Upon this, instructions are given to John Botiller and Walter Moys, reputable and law-abiding men of the town then present in the court, to have appraised, in accordance with the custom of the town, the aforesaid twenty-three woollen cloths, and advise the bailiffs, at a session of the king's court of piepowder of the town to be held before them at 4.00 p.m. today, of the appraisal, so that the case may proceed etc. And the same hour is assigned to Thomas Smythe etc.
At which hour of four at the king's court of piepowder of the town, held in accordance with custom here in the moothall before the bailiffs, Thomas Smythe comes in person, and John Botiller and Walter Moys, being present, advise that as instructed in this matter they have had the twenty-three woollen cloths appraised at £61.4s. Upon which Thomas Smythe, in accordance with custom, finds here in court sureties, viz. William Smythe and John Sprynger, to respond to Cristian in the king's court of piepowder of the town, should Cristian within the next year and a day, in accordance with custom, wish to plead on the facts of the case against Thomas Smythe, and to do whatever further the court may decide in this matter. And he requests execution of [the judgement concerning] the debt and his damages [be made] to him from the aforesaid twenty-three woollen cloths, based on the appraisal made, according to the custom etc. The same are delivered to him in execution of the debt and damages, according to custom and based on the surety he has provided.
3. Pleas in the king's Tolsey court of his town of Bristol, held on 19 July 1518 in Bristol's guildhall according to the law merchant and usages and customs of that town, used and approved in that town from time immemorial, before John Reppe and John Drewys, sheriffs of that town, along with the bailiffs of the mayor and community of that town.
To this court John Warre comes in person and, in accordance with the law merchant and the usages and customs of that town, used and approved in that town from time immemorial, makes a complaint against David ap Rys in a plea of debt claiming sixteen pounds; he find sureties for prosecuting his lawsuit, viz. Thomas Went and Richard Kent. In accordance with law merchant, usage and custom, he requests process to be initiated against David ap Rys; that is, that David ap Rys be immediately arrested, without any summons or advance notice being given him in this matter, to respond to John Warre's plea, since David ap Rys is an outsider and not a burgess of the town, nor does he own anything within the town or its liberty whereby he could be summoned, attached, or distrained. Because, after due investigation of this issue, the court is satisfied that there is truth in the allegation of John Warre against David ap Rys, it grants John Warre the process he has requested. Therefore, in accordance with law, usage, and custom, at the request of John Warre the court instructs Thomas Phelipps, sergeant-at-mace of the sheriffs and of the bailiffs of the mayor and community of this town, within the town, and officer of this court, that he arrest David ap Rys if [he can be found] and keep him secure etc. so that he have his person at the next session of the king's Tolsey court of the town, to be held here at Bristol in the guildhall, before the bailiffs of the mayor and community of the town, immediately following the arrest of the same in accordance with law, usage, and custom, to respond to John Warre in the plea etc. Furthermore, in accordance with law, usage, and custom, the court instructs Thomas Phelipps, sergeant-at-mace etc. and officer etc., that, immediately after arresting David ap Rys as per his instructions, he is to advise John Warre to be here in the king's Tolsey court [etc.] ready to hear and do whatever the court shall decide in this matter.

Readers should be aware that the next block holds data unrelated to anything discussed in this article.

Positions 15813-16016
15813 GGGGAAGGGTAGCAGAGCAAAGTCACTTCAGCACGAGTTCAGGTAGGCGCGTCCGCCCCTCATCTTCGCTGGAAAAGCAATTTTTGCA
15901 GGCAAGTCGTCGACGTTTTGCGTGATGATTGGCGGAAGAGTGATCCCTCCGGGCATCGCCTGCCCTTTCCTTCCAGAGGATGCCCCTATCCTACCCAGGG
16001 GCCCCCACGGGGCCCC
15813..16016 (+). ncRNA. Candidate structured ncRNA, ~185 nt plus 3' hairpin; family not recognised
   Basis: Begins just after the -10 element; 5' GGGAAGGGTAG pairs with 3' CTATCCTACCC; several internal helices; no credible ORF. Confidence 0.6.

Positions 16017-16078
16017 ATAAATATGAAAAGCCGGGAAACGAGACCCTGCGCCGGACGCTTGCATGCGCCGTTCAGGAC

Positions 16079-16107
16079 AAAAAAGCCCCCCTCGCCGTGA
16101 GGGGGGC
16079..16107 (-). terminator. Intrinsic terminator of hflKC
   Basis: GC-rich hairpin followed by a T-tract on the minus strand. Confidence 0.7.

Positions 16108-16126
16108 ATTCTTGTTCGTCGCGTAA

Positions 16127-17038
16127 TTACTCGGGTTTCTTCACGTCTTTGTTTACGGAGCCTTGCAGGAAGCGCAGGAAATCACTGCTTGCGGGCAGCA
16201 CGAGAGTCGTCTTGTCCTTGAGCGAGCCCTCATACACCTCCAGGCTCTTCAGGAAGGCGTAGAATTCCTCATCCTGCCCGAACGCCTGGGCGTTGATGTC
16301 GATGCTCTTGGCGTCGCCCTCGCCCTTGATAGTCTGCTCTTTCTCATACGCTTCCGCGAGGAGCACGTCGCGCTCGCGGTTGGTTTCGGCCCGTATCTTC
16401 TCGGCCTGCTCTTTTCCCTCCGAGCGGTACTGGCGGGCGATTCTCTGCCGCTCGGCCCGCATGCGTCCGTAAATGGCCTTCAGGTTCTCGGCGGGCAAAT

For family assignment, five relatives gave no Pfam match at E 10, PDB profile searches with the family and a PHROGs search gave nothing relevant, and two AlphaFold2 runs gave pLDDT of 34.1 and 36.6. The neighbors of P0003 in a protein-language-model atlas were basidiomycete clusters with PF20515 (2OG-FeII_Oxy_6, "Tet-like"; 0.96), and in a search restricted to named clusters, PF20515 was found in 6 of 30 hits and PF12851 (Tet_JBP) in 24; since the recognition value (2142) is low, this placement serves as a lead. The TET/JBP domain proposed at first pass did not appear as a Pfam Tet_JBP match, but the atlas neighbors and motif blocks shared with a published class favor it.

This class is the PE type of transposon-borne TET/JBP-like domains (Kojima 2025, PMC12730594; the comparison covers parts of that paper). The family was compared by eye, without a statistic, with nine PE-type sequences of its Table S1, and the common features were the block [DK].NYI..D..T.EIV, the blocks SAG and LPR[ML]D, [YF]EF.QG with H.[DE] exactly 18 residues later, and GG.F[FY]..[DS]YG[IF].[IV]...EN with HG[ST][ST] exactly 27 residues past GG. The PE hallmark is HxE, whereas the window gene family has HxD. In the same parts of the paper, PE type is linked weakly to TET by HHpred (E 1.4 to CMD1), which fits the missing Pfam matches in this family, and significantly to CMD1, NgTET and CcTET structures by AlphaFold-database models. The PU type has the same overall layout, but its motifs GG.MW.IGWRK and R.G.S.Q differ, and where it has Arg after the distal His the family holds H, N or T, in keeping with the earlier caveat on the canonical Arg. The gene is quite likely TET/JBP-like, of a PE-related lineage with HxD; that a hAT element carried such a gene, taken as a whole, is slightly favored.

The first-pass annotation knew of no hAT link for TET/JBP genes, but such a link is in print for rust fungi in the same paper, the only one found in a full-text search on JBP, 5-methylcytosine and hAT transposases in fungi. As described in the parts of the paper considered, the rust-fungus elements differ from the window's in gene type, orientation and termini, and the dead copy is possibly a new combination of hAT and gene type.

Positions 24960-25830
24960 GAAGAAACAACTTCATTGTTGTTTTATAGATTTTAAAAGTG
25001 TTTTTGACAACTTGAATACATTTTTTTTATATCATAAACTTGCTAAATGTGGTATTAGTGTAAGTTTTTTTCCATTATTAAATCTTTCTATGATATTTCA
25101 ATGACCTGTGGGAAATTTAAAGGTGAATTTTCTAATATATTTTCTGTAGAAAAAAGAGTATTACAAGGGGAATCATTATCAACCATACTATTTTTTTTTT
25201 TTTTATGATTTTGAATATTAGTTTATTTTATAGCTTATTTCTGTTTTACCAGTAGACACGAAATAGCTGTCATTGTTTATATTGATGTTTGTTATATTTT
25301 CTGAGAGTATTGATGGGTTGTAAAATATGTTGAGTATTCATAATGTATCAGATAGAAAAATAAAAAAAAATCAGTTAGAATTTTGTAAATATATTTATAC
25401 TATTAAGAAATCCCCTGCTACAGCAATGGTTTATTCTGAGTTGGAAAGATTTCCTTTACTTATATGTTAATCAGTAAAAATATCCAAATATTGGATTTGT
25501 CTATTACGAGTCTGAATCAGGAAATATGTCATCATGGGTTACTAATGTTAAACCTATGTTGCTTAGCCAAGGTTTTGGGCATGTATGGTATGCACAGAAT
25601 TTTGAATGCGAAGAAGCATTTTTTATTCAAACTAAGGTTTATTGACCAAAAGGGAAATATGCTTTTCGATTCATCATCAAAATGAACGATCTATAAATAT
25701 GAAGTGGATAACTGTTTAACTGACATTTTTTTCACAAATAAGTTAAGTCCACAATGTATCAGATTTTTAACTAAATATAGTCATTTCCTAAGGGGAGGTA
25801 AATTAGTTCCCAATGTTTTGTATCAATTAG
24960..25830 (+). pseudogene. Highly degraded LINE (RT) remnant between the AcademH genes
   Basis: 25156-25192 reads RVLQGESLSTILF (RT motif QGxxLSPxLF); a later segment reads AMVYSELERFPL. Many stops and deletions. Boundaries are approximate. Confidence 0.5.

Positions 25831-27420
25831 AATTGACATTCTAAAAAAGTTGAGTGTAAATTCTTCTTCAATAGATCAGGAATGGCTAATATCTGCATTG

[Gross summarizes the rest of the case: it is adjourned to 21 July, when the defendant is produced by the sergeant and finds sureties for his payment of any debt adjudged against him. There is a further adjournment until 28 July, when the court finds against the defendant.]
The first item given above represents selected (though substantive) extracts from an undated treatise on the lex mercatoria, of unknown authorship, which is divided up into twenty-one chapters with headings. Bickley believed the copy of the treatise entered into the Bristol register to be in a fourteenth-century hand. The Little Red Book itself tells us that its compilation was a communal initiative, assigned in 1344 to William de Colford, the first-known incumbent of the office of recorder of the city. Little is known of Colford, although he is mentioned in 1343 as one of the king's justices, and his duties as recorder centered on use of his legal expertise to assist officials presiding in the city courts and to ensure procedurality conformed with local and national laws; no-one else is heard of in that office until 1386. It seems likely that the compilation of a register containing reference documents, helpful both to himself and the other borough officials in the conduct of their duties, would have been a sensible task to undertake soon after he was appointed as recorder; and not unlikely that the treatise on mercantile law was a document possessed by Colford, rather than one already reposing in the borough archives. The text in the Little Red Book seems corrupt in a number of places (and presents consequent challenges for translation), partly through the copying process, although it is possible Colford made some deliberate adjustments.